Our directory of things of interest

University Directory

Hunting the hunters

Hen harrier numbers fell  by 20 per cent between 2004 and 2010 mainly due to illegal killing Hen harrier numbers fell by 20 per cent between 2004 and 2010 mainly due to illegal killing Wildlife World
28 Mar
The RSPB introduces a new hotline for reporting the unlawful killing of birds of prey

During the past five years, the UK suffered from a major rise in wildlife crime, particularly in the unlawful killing of birds of prey, including hen harriers, peregrine falcons, buzzards, owls and other raptor species. The latest reported figures showed nearly 500 incidences have occurred since 2012, with many more thought to have gone unreported.

Of all the counties, North Yorkshire has become a hotspot for raptor persecution with 54 confirmed incidences during this period. In an attempt to address the issue, the RSPB has launched an emergency ‘hotline’ for concerned parties to use to report any such incidences.

Birds of prey are often targeted due to their proximity to grouse shooting moors, where they are brought down with pole traps, shot, or poisoned in their nests. Previously, observers of raptor killings were encouraged to call the police, however Guy Shorrock, Senior Investigations Officer at the RSPB, says that ‘some members of the shooting community may feel more comfortable talking to a specific wildlife unit than going straight to the police.’

Shorrock feels that in order to truly tackle bird of prey persecution, people ‘need to be able to communicate with the heart of our rural communities. Often, gamekeepers of grouse moors are aware of the illegal killing going on, but are worried about coming forward.’ The new hotline connects to a specific investigations unit at the RSPB, with all information being handled confidentially.

Court records show that the majority of criminals prosecuted are gamekeepers. ‘However, we believe the instructions come from the land managers and employers,’ says Shorrock. It is hoped that a better alliance of gamekeepers, the RSPB and the police will improve the accountability of estates and their landlords. Shorrock adds: ‘Ideally we would also like to see shooting organisations themselves showing support for the hotline on their websites and encouraging members to be transparent. Wildlife crime gives them a bad name.’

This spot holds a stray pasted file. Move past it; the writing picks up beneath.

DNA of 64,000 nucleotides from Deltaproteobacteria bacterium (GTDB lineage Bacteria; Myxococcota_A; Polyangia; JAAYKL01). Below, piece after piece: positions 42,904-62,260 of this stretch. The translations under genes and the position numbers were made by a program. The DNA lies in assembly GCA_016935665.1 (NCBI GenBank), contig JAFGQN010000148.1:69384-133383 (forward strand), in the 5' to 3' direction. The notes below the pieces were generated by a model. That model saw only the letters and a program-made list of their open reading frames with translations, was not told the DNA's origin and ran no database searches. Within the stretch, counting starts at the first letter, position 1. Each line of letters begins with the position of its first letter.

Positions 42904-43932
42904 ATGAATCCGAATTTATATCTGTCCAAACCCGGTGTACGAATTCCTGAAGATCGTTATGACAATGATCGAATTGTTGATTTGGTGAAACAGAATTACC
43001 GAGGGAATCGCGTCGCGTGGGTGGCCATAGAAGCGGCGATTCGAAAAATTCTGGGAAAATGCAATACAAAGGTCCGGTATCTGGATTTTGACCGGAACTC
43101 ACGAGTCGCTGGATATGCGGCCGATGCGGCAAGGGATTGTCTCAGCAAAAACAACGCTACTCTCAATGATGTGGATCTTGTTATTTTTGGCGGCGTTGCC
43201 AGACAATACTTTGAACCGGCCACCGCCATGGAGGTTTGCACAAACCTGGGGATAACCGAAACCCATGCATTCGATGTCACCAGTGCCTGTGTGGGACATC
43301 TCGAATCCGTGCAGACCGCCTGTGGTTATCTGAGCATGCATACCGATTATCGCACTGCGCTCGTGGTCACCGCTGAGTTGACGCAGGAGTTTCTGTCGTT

Mark Avery, an expert on birds of prey and a long-time campaigner for wildlife protection, said of the killings: ‘There are people out there who could help the police put an end to it. I hope they do the right thing and step forward.’

The hotline can be reached at 0300 999 0101.

This was published in the April 2018 edition of Geographical magazine.

red line


Geographical Week

Get the best of Geographical delivered straight to your inbox by signing up to our free weekly newsletter!

red line

Related items

Geographical Week

Get the best of Geographical delivered straight to your inbox every Friday.

Subscribe to Geographical!

Adventure Canada


Aberystwyth University University of Greenwich The University of Winchester




Travel the Unknown


Like longer reads? Try our in-depth dossiers that provide a comprehensive view of each topic

  • National Clean Air Day
    For National Clean Air Day, Geographical brings together stories about air pollution and the kind of solutions needed to tackle it ...
    The green dragon awakens
    China has achieved remarkable economic success following the principle of developing first and cleaning up later. But now the country with the world's...
    The true cost of meat
    As one of the world’s biggest methane emitters, the meat industry has a lot more to concern itself with than merely dietary issues ...
    Hung out to dry
    Wetlands are vital storehouses of biodiversity and important bulwarks against the effects of climate change, while also providing livelihoods for mill...
    Mexico City: boom town
    Twenty years ago, Mexico City was considered the ultimate urban disaster. But, recent political and economic reforms have transformed it into a hub of...


NEVER MISS A STORY - Follow Geographical on Social

Want to stay up to date with breaking Geographical stories? Join the thousands following us on Twitter, Facebook and Instagram and stay informed about the world.

More articles in NATURE...


Tourism might be an economic pillar for many countries surrounding…


Brain sizes directly shown to correlate to survival rates among…


Celebrated author Professor Tim Birkhead provides a fascinating insight into…


The world’s most biodiverse seagrass region – Indonesia’s Coral Triangle…


Ocean conservation group urges world governments to step up action…


As climate conditions at the 100th meridian, the traditional United…


International shipping may be attempting to reduce its carbon footprint, but…


So much photographic theory is dedicated to image sharpness that…


Changing temperatures in East Africa are set to upset a delicate…


As the planet warms and tensions rise, Marco Magrini finds that…


A deep-sea mission in the ocean around Bermuda confirms the…


An oxygen-deprived ‘dead zone’ in the Arabian Sea is much…


Scientists working with new drone technology are hoping to reveal…


A new virtual reality experience, ‘BBC Earth: Life in VR’,…


Faced with protecting a country more than 30 times the…


As Chile’s president leaves office, the country designates large expanses…


More than two years after first being announced, the International…


The winner of the 2018 Whitley Gold Award is Pablo…


Celebrate World Penguin Day with this selection of penguin-related stories…


It takes a lot more than the latest research data…